# In acidic solution, what does ClO₃⁻ reduce into?

In acidic solution, what does $\ce{ClO3-}$ reduce into and, most importantly, why? It's $$\ce{6e- +ClO_{3}^- +6H^+ -> Cl^- + 3 H_2O}.$$

Now, with the gift of foresight, why was the equation for its oxidation not instead $$\ce {2e^- +ClO_{3}^- +2H^+ \rightarrow Cl^- + O_2 + H_2O}?$$ Obviously it balances and charge is conserved. However, the latter equation would seem more likely: less charges have to be pulled apart (so less work has to be done to move these charges), and the bond energy of bonds in a water molecule is almost twice that in an oxygen molecule?

Where is there a flaw in my logic and does there exist a rough set of rules to determine how things will split up under oxidation or reduction?

• The chlorine atom in $ClO_3^-$ is actually being reduced in this reaction since it gains electrons and goes from a +5 to a -1 oxidation state. – kaliaden Mar 22 '13 at 20:18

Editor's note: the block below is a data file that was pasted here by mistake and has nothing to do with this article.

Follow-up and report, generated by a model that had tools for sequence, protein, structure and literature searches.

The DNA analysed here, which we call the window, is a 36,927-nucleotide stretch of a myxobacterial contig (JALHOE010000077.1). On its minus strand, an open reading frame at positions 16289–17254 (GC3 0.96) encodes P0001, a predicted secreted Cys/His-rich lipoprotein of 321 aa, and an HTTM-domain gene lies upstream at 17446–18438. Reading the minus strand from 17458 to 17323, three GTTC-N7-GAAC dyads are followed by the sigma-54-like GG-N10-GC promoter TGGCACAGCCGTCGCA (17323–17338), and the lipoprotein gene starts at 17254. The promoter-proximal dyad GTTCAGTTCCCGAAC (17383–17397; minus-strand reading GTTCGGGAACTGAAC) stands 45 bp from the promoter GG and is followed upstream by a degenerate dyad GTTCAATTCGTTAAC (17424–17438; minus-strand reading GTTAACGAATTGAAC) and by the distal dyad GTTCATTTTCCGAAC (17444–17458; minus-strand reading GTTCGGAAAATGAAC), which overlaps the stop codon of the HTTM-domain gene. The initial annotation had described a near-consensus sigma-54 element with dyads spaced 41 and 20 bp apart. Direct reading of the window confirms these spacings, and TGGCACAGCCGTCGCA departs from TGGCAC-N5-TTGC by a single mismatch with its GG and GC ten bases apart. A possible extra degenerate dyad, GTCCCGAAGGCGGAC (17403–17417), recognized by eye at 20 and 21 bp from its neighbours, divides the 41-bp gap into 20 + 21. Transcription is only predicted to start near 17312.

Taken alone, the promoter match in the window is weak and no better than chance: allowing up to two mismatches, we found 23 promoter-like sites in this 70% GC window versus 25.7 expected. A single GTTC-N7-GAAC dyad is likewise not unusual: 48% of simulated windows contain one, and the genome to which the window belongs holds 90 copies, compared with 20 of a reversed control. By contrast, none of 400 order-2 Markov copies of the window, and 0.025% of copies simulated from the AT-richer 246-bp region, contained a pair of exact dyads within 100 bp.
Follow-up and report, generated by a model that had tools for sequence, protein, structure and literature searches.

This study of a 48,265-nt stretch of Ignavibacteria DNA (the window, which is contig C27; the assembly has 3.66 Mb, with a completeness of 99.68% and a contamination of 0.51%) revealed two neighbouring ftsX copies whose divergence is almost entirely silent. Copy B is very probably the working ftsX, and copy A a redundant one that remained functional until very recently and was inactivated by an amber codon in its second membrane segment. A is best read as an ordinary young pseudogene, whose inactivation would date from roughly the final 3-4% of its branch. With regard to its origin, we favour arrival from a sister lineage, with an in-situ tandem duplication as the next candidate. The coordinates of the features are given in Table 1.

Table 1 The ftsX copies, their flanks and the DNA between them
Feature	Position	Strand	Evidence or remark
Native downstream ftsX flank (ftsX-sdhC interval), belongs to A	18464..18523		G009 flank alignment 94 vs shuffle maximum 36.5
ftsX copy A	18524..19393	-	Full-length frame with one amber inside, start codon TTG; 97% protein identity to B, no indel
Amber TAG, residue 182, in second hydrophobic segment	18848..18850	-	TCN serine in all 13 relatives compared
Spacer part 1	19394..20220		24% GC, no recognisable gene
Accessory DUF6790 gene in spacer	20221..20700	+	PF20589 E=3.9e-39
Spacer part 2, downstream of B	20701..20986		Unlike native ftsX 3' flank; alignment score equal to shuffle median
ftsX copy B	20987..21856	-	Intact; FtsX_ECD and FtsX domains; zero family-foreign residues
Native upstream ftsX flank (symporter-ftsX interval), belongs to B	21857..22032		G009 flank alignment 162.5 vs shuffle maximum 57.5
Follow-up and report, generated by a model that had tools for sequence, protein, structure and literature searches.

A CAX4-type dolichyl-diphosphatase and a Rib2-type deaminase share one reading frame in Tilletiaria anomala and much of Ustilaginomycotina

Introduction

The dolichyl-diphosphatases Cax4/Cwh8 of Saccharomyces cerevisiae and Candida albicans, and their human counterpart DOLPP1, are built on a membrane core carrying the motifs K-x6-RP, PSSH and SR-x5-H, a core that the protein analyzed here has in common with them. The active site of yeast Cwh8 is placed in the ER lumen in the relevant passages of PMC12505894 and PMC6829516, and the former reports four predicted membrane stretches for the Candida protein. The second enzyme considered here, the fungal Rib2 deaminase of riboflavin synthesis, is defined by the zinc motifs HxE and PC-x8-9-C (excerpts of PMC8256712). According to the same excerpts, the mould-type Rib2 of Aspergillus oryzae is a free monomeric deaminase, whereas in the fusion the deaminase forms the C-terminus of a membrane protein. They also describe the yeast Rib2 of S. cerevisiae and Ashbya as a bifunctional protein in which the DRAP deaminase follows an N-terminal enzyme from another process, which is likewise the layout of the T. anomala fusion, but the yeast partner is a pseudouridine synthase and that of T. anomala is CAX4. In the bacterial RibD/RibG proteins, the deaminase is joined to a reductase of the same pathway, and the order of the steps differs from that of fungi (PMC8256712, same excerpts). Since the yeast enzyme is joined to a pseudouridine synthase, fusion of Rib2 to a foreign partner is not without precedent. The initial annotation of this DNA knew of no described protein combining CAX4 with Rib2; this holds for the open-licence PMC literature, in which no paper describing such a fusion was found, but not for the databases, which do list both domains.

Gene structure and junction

• and the bond energy ... in a water molecule is almost twice that in an oxygen molecule This indicates that the first equation is preferred. – LDC3 Aug 29 '14 at 4:42

The first equation is correct because $\ce{ClO3-}$ is reduced to $\ce{Cl-}$ and oxygen maintains its -II oxidation state in both educts and products. As chlorine changes its oxidation state from +V in chlorate to -I in chloride, $6 \ \mathrm{e^-}$ are required for this reduction.
In your second equation, chlorate is reduced to chloride as well; however, only $2 \ \mathrm{e^-}$ are explicitly supplied. The remaining electrons would have to come from the concurrent oxidation of oxygen from -II in $\ce{ClO3-}$ to 0 in $\ce{O2}$, and this is unlikely to happen, as oxygen is more electronegative than chlorine.